Branched Endografts

Branched endografts are used when the visceral arteries branch off an aneurysmal region of the aorta, which generates a gap between the wall of the endograft and the orifice of the artery that needs to be bridged to prevent endoleak. This is the case with suprarenal and TAAAs. Branched endografting can be performed using one of two stent-graft designs: fenestrated-branched or cuffed-branched endografts.27–29 a. Fenestrated-branched endografts. These are endografts that have fenestrations identical in design to the fenestrated endografts. It is also deployed in a similar manner. A 20 mm proximal landing zone is required in a healthy aorta. After deploying the proximal fenestrated endograft component, the visceral arteries, already accessed with wires and sheaths, are stented with balloon-expandable stent-grafts. These stent grafts seal the gap between main body and aneurysm wall. The branch artery stent grafts are flared proximally with a balloon prior to completing the repair with the conventional distal bifurcated device. b. Cuffed-branched endografts. These use cuffs instead of fenestrations as directional branches. The cuffs provide a seal between the branch artery stent grafts and the main body endograft, as opposed to flaring a stent inside the fenestration. Self-expanding stent grafts are used in the visceral branches, and are inserted via a brachial approach due to the caudal direction of the cuffs. These devices are custom made and investigational in the United States. Since the first report of a successful implantation of a branched endovascular endograft for a TAAA by Chuter et al in 2001,30 several series have shown encouraging results with perioperative mortality rates ranging 0–9.1%.31–34 The largest published series with branched endografts is from the Cleveland Clinic. This included 73 patients with TAAA (including 45 patients with type IV) treated with fenestrated and cuffed-branched endografts. There were no conversions to open surgery or ruptures post treatment. Technical success was achieved in 93% of patients. The 30-day mortality was 5.5%. The incidence of paraplegia was 3%, new onset of dialysis 1%, prolonged ventilator support 7%, myocardial infarction 6% and minor hemorrhagic stroke 1%. The incidence of endoleak was 11%.35 The Cleveland Clinic group also compared endovascular and open repair in their patients with TAAAs and descending thoracic aneurysms. No difference in perioperative mortality or spinal cord ischemia was found.36 In general, the results from the published series with branched endografts for TAAA repair are encouraging. They seem to be better than the results of open TAAA repairs from a nationwide discharge database representing 20% of the U.S. hospitals and including 1,542 patients published by Cowan in 2003 (postoperative mortality of 22%).37 More experience and prospective studies are still necessary to assess the role of these new devices.

The Snorkel or Chimney Encroachment Techniques

The encroachment techniques involve advancing the proximal margin of the endograft across the visceral branch vessels. The snorkel technique involves deploying a branch-artery stent that maintains patency of the partially or totally covered branch vessel to extend the proximal landing zone of the endograft. Hiramoto et al published the largest experience with this technique. This report included 29 patients who underwent renal artery stenting during EVAR using the encroachment (n = 23) and the snorkel (n = 8) methods. The procedure was planned in 18 patients (proximal neck length 15 mm). Three type I endoleaks resolved spontaneously in 1 month. The primary assisted patency of renal artery stents was 100% at a median follow-up period of 12.5 months. There were no late type I endoleaks (> 1 month postoperatively) or stent graft migrations.38 The chimney technique, on the other hand, involves deploying a branch-artery stent graft, usually a self-expanding endograft that runs outside and parallel to the aortic endograft, preserving flow in the vessel while extending the proximal landing zone of the endograft. The chimney technique was initially described to preserve flow in the aortic arch branches and to extend the proximal landing zone during TEVAR.39–42 Ohrlander et al described the use of this technique in the endovascular treatment of juxtarenal aneurysms with chimney grafts placed in the SMA and renal arteries.43 These techniques may be particularly useful for patients with juxtarenal AAAs who do not have access to fenestrated endografts. They may also be used as part of a recovery maneuver when a visceral artery is inadvertently covered. More data are necessary concerning these techniques, as there is a significant concern of mid-term endograft proximal attachment failure.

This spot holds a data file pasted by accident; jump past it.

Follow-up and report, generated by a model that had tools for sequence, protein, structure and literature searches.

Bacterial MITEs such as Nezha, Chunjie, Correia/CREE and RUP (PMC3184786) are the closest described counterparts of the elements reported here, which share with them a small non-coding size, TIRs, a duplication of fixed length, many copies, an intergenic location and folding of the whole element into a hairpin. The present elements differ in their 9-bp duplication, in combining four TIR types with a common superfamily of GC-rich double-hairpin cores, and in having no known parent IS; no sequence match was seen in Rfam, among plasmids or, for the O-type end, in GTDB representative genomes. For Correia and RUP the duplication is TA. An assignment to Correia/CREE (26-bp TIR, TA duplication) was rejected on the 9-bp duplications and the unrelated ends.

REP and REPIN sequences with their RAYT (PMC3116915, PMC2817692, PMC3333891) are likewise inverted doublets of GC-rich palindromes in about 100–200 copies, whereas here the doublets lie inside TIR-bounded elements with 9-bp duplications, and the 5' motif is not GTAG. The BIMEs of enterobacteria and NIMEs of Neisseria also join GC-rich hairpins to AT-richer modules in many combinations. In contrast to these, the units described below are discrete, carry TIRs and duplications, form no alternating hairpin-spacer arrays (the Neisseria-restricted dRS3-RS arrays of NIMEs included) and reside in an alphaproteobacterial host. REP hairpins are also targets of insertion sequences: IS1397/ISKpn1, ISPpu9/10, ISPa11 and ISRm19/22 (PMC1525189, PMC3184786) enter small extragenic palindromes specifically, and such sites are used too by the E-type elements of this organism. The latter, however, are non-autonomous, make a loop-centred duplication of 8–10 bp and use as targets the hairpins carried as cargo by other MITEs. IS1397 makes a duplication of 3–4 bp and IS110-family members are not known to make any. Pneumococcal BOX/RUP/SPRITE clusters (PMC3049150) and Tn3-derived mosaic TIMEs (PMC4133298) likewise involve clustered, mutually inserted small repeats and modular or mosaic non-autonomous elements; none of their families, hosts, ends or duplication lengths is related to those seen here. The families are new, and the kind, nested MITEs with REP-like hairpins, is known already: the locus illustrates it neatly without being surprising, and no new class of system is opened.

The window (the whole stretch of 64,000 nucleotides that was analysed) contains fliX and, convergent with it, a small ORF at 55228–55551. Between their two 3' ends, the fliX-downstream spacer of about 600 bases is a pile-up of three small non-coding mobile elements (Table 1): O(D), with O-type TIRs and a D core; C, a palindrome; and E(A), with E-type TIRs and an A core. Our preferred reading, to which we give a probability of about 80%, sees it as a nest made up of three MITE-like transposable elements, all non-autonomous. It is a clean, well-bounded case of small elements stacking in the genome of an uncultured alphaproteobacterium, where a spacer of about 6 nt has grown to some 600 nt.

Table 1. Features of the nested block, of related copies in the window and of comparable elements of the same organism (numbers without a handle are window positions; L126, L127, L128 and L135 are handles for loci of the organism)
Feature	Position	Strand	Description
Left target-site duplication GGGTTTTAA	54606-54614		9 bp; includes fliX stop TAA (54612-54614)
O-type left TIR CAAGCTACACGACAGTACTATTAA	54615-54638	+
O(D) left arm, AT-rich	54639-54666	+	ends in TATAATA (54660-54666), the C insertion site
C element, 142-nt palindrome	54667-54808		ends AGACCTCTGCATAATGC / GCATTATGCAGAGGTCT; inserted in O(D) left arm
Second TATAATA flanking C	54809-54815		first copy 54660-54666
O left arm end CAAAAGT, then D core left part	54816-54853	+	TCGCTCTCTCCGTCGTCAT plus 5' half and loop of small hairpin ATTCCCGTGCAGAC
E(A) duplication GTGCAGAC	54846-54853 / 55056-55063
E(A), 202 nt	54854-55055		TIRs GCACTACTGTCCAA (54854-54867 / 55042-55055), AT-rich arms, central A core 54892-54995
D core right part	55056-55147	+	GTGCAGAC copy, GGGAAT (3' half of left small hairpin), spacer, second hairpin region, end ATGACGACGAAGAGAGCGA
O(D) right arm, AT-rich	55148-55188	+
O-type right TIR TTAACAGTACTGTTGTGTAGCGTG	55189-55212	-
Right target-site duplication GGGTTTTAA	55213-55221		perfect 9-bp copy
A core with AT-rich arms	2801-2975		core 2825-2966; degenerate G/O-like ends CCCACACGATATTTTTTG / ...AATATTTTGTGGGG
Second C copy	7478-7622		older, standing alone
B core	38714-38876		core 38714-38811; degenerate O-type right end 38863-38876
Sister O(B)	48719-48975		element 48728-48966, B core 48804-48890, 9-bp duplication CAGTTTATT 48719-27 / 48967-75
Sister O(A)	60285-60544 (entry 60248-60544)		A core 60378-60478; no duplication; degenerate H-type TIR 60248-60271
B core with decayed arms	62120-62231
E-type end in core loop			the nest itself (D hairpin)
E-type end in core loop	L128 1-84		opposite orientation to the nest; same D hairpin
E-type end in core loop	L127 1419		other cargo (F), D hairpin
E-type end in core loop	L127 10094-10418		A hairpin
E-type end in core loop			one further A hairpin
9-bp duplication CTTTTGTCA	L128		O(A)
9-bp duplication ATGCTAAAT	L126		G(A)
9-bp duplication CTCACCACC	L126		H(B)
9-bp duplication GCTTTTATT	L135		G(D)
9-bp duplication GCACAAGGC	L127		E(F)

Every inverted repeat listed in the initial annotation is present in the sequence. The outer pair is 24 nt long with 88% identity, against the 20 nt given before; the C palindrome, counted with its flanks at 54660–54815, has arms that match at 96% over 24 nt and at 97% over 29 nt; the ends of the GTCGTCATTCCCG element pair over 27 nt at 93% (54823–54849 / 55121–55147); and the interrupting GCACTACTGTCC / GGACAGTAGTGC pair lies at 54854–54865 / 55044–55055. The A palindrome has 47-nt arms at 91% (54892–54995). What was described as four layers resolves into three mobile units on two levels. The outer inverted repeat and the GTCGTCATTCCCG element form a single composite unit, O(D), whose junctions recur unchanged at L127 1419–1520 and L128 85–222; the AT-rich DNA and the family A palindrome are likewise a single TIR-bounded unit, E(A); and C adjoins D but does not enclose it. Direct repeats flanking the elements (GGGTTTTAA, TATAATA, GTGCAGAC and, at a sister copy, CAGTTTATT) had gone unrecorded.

Conclusion

The above modalities were developed as alternatives for the exclusion of aneurysms in the visceral aorta in high-risk patients. In particular, the fenestrated and branched endografts have gained wide acceptance outside the United States. Until these are commercially available in the United States, the other methods remain viable alternatives. Long-term results of all these techniques are still necessary to evaluate specific complications such as migration, material fatigue and component separation that can result in loss of visceral branches.

References

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From the Section of Vascular Surgery, Department of Surgery, Washington University School of Medicine, Saint Louis, Missouri. Manuscript submitted April 12, 2010, provisional acceptance given April 12, 2010, final version accepted June 15, 2010. Dr. Sanchez discloses that he is a paid consultant to: Aptus, Cook Medical, Medtronic, Trivascular, and W.L. Gore & Associates. The other authors have no disclosures to make concerning the content herein. Address for correspondence: Prof. Luis Sanchez, Department of Vascular Surgery, Campus Box 8109, 660 South Euclid Avenue, St. Louis, MO 63108. E-mail: sanchezl@wustl.edu